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Ellen Levine compiled the stories of over a dozen African American civil rights activists, all of whom were children and teenagers during the Civil Rights Movement in the American South.  The stories these activists tell about their childhood struggles are at times shocking but always inspiring.  Readers will learn about some of the major events in the Civil Rights Movement (such as the Montgomery Bus Boycott), as well as small victories with hometown sit-ins and day-to-day struggles with segregation.  Intended for older school-age children and teens, this book includes frank and occasionally graphic discussions of the violence during that time period, including the 16th Street Baptist Church bombing.

I used this book as the basis for a library program for children ages 7 & up and their parents.  I discussed the violence selectively–as an introduction for the younger kids that would not be traumatizing.  I did share one picture of protesters being attacked with fire hoses when we talked about peaceful protests and talked about how African American students were bullied at first when integrating schools.  I focused on the children and how they had used peaceful means of protest to help change attitudes in their country.

This program was very well-received by students and their parents.  Students were surprised to learn that children their age (and sometimes younger than they) were arrested for peaceful protests–and shocked to learn that some “colored” schools didn’t even have bathrooms or outhouses!  After the presentation, we had time for students to write or draw a reflection on what they had learned.  I gave them the following prompts:

  • One story that inspired me today was . . .
  • One time I saw injustice when . . .
  • One time I stood up for someone else when . . .
  • One time I stood up for myself when . . .
  • One time I was brave when . . .
  • If I were alive in 1950, my life would have been different because . . .

I was so impressed with their observations about injustice and bullying in their own school environments and their insights into how segregation would have impacted their lives–no matter what their race.  While the children wrote and drew, parents began a conversation about racism they had witnessed or experienced in their lifetimes.  A parent from South Korea discussed her experience with injustice and protests during her childhood and how it compared to the American Civil Rights Movement.  It was a very thoughtful and productive conversation.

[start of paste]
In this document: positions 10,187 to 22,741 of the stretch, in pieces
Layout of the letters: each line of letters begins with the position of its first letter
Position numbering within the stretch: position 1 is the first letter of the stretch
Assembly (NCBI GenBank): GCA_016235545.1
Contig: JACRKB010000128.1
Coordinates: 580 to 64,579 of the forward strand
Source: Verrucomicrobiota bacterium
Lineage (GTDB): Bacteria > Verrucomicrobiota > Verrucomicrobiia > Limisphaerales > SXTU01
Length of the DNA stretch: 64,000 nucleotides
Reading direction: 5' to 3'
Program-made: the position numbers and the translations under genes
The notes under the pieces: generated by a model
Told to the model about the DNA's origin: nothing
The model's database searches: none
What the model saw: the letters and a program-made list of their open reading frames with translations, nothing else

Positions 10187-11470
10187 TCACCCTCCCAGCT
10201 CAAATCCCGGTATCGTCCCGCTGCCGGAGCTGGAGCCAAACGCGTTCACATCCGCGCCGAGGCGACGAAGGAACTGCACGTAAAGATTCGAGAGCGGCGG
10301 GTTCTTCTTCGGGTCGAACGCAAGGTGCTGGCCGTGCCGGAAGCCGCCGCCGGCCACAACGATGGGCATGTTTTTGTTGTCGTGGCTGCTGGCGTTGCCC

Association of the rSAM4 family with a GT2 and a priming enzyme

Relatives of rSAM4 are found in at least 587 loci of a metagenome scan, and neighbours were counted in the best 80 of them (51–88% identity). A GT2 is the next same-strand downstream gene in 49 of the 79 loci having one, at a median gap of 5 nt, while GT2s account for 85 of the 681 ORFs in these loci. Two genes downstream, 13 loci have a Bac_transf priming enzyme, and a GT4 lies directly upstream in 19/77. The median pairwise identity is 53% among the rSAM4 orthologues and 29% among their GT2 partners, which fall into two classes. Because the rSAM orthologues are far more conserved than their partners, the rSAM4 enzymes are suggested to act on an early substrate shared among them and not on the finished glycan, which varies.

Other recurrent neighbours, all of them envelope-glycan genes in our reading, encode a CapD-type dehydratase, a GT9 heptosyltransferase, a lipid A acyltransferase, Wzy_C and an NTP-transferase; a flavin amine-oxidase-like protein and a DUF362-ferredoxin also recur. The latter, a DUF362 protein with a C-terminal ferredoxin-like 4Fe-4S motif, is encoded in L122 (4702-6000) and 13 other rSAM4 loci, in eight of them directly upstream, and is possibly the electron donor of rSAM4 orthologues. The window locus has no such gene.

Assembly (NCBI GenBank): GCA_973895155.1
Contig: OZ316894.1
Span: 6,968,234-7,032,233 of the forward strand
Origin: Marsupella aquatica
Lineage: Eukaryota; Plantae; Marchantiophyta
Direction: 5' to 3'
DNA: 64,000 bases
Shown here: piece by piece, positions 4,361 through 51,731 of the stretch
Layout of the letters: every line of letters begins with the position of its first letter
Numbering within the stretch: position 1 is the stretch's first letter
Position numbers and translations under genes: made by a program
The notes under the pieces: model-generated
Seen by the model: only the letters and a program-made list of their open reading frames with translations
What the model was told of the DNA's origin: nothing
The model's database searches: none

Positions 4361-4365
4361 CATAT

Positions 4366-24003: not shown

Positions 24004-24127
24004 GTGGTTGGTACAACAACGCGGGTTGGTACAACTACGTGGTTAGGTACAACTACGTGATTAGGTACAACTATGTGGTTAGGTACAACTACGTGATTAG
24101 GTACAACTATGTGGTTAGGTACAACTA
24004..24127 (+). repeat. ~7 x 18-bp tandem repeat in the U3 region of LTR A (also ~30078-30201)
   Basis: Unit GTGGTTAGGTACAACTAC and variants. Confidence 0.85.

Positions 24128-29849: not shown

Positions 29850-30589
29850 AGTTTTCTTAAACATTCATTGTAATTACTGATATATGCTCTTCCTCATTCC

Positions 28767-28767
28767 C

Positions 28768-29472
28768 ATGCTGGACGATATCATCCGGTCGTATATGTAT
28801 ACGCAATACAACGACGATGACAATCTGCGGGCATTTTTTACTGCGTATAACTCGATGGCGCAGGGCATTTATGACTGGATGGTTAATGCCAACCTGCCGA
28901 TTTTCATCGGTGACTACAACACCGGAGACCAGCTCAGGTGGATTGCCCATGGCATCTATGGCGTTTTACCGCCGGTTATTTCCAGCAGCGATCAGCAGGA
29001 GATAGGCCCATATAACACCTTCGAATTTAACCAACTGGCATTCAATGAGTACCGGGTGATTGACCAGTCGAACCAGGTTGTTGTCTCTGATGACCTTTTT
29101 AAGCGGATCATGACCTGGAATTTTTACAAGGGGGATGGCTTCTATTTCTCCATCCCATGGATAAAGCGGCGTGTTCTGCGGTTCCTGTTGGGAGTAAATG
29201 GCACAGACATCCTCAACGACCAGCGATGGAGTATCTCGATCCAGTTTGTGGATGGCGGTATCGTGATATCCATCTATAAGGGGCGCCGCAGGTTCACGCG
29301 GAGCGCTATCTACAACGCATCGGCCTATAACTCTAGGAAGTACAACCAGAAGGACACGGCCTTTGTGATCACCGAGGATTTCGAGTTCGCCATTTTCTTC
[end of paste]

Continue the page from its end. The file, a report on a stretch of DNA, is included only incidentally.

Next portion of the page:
This was one of the best-received programs I have ever done, and I found it personally inspiring, as well.  I highly recommend the book, and if any librarians/educators would like more information about the program, just shoot me an email!  I would be more than happy to share my presentation.


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I don’t blog every new Bad Kitty book, but I think Nick Bruel’s latest deserves a special shout-out.  Bad Kitty: Drawn to Trouble follows in the metaliterary tradition of stories like Who Framed Roger Rabbit (1988) where the author reaches into the story and messes with the actions of his self-aware characters. In this case, Bruel uses the humorous scenario to teach readers about literature and the art of writing–and to encourage them to become writers themselves. Elementary school teachers hoping to introduce their classes to concepts like “conflict,” “protagonist,” or “the difference between plot and theme” should definitely check this book out!


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The blizzard that hit the east coast of the United States in March 1888 took the country and the fledgling National Weather Service completely by surprise and claimed hundreds of lives.  Though it was not the most devastating natural disaster the United States has ever faced, it drastically changed the way our nation viewed disaster preparedness and meteorology.  Jim Murphy tells the story of the great blizzard through the eyes of the people who experienced it–some who survived to tell the tale, and others who perished–while weaving in the science behind the storm and the big picture of the political and social climate that affected the responses of individuals and the government.  Although it is targeted for middle grade and teen readers, this fascinating and fast-paced book may be of interest to adults, as well!